National Sex Offender Registry

Topics: Sex offender, Sex offender registration, Jacob Wetterling Crimes Against Children and Sexually Violent Offender Registration Act Pages: 15 (3794 words) Published: April 29, 2014
National Sex Offender Registry
“Sex offenders are the scourge of modern America, the ‘irredeemable monsters’ who prey on the innocent” (Logan, 1999, p.1167). The colossal number of sex crimes is rapidly expanding across the United States and with it a wake of innocent victims. This expansion and increased victimization called for reform and demanded protection for the innocent. This protection came in the form of a new criminal justice policy, the sex offender registration. “In the United States, offender registration was first used in the 1930s” as a means of banishing the unwanted offenders (Matson, Lieb & Feinberg, 1999, p. 1). In 1947 a registration statute was enacted in the state of California in efforts to reduce recidivism among sex offenders while at the same time making their presence known to law enforcement agencies and the public but the continuous rise in offenses triggered a ratification of this enactment (Sample and Kadleck, 2008). “The 1990s ushered in an unprecedented amount of sex offender legislation” in an attempt to combat this overwhelming lack of social control we as Americans are faced with (Sample and Kadleck, 2008, p. 40). The newly mandated federal and state laws enacted the policy for a sex offender registry. “In 1994, Congress passed the Jacob Wetterling Crimes Against Children and Sexually Violent Offender Registration Act (Title XVII of the Violent Crime Control and Law Enforcement Act of 1994)” (Matson, et al., 1999, p.1). This significant piece of legislation mandated that states create and maintain a registry of the violent sex offenders who committed crimes against children. The legislation also requires the offender to maintain and update their personal information, such as address and place of employment, for a minimum of 10 years after their release from prison. In addition, if the offenders were considered sexually violent they were required to update their personal information with the registry on a quarterly basis (Matson, et al, 1999). By 1996, 49 of the 50 states adopted a version of the federal Megan’s Law, “which mandates the release of information collected through state programs that require the registration of sex offenders if the information is ‘necessary to protect the public’” (Reid, 2009, p. 536). Today all 50 states have adopted some version of this law. Laws or Acts such as the Community Protection Act, Megan’s Law, The Sex Offender Registration and Notification Act (SORNA), the Adam Walsh Child Protection and Safety ACT, the Jessica Lunsford Act, the Sexual Predator Punishment and Control ACT (SPPCA) and the Pam Lychner Sexual Offender Tracking and Identification Act, just to mention a few, are attempts by legislators and policy administrators and managers at protecting the innocent while combating the dilemma of sex crimes in America. These legendary legislations and statutes ultimately led to the creation of the National Sex Offender Registry we have in place today. The National Sex Offender Public Website (NSOPW), a national sex offender registry monitored and maintained by the Federal Bureau of Investigations and coordinated by the Department of Justice, manages the names of over 700,000 sex offenders in the United States alone. This website collectively houses the names of registered sex offenders from the 50 U.S. states, the District of Columbia, Territories of Guam, Northern Mariana Islands and Puerto Rico and 31 Indian Tribes in one single, easily accessible location that allows members of the general public to search and locate, free of charge, information regarding known sex offenders (“Sex Offender”, n.d.). Accessible information includes but is not limited to items such as the offenders’ name, current offense, address, employer, photo with physical description, and vehicle license plate number (Williams, 2010, p. 1). “Sex offender registration statutes are promoted as a means of: 1) deterring offenders from committing future crimes; 2)...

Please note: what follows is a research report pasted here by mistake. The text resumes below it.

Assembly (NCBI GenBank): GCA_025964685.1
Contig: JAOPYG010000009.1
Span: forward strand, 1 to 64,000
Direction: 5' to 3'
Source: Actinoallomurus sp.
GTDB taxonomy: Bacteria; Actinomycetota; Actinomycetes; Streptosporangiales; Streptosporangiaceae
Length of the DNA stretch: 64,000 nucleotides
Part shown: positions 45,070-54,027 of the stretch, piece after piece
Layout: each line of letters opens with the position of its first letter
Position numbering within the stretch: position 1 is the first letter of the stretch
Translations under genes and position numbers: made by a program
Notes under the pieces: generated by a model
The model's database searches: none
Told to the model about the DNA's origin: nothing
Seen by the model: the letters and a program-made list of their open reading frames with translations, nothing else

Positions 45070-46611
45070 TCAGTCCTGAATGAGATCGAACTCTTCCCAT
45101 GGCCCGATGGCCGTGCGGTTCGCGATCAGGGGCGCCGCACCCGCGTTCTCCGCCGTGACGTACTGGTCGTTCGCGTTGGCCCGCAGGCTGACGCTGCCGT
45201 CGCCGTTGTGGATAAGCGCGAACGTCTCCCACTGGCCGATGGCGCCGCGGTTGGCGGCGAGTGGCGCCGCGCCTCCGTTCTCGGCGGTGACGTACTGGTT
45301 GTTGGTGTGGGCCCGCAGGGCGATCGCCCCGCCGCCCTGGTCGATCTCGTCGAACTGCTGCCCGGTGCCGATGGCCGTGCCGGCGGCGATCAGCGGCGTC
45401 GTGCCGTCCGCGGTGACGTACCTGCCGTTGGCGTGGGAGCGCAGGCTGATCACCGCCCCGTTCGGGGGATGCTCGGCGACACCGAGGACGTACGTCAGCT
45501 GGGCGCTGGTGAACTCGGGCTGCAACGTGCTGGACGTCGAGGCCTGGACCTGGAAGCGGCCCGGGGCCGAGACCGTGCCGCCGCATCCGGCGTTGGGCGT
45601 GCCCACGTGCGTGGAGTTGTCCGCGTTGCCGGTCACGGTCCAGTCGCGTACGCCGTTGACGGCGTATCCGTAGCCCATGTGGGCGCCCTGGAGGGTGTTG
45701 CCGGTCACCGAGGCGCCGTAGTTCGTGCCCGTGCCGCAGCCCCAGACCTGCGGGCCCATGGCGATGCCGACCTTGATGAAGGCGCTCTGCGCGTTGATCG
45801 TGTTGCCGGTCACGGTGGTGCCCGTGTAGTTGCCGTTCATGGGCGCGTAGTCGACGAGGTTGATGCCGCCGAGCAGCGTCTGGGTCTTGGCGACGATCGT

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Matsen, S., Lieb, R., and Feinberg, D. (1999, October). Sex offender
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Sample, L.L. and Kadleck, C. (2008). Sex offender laws: Legislator’s
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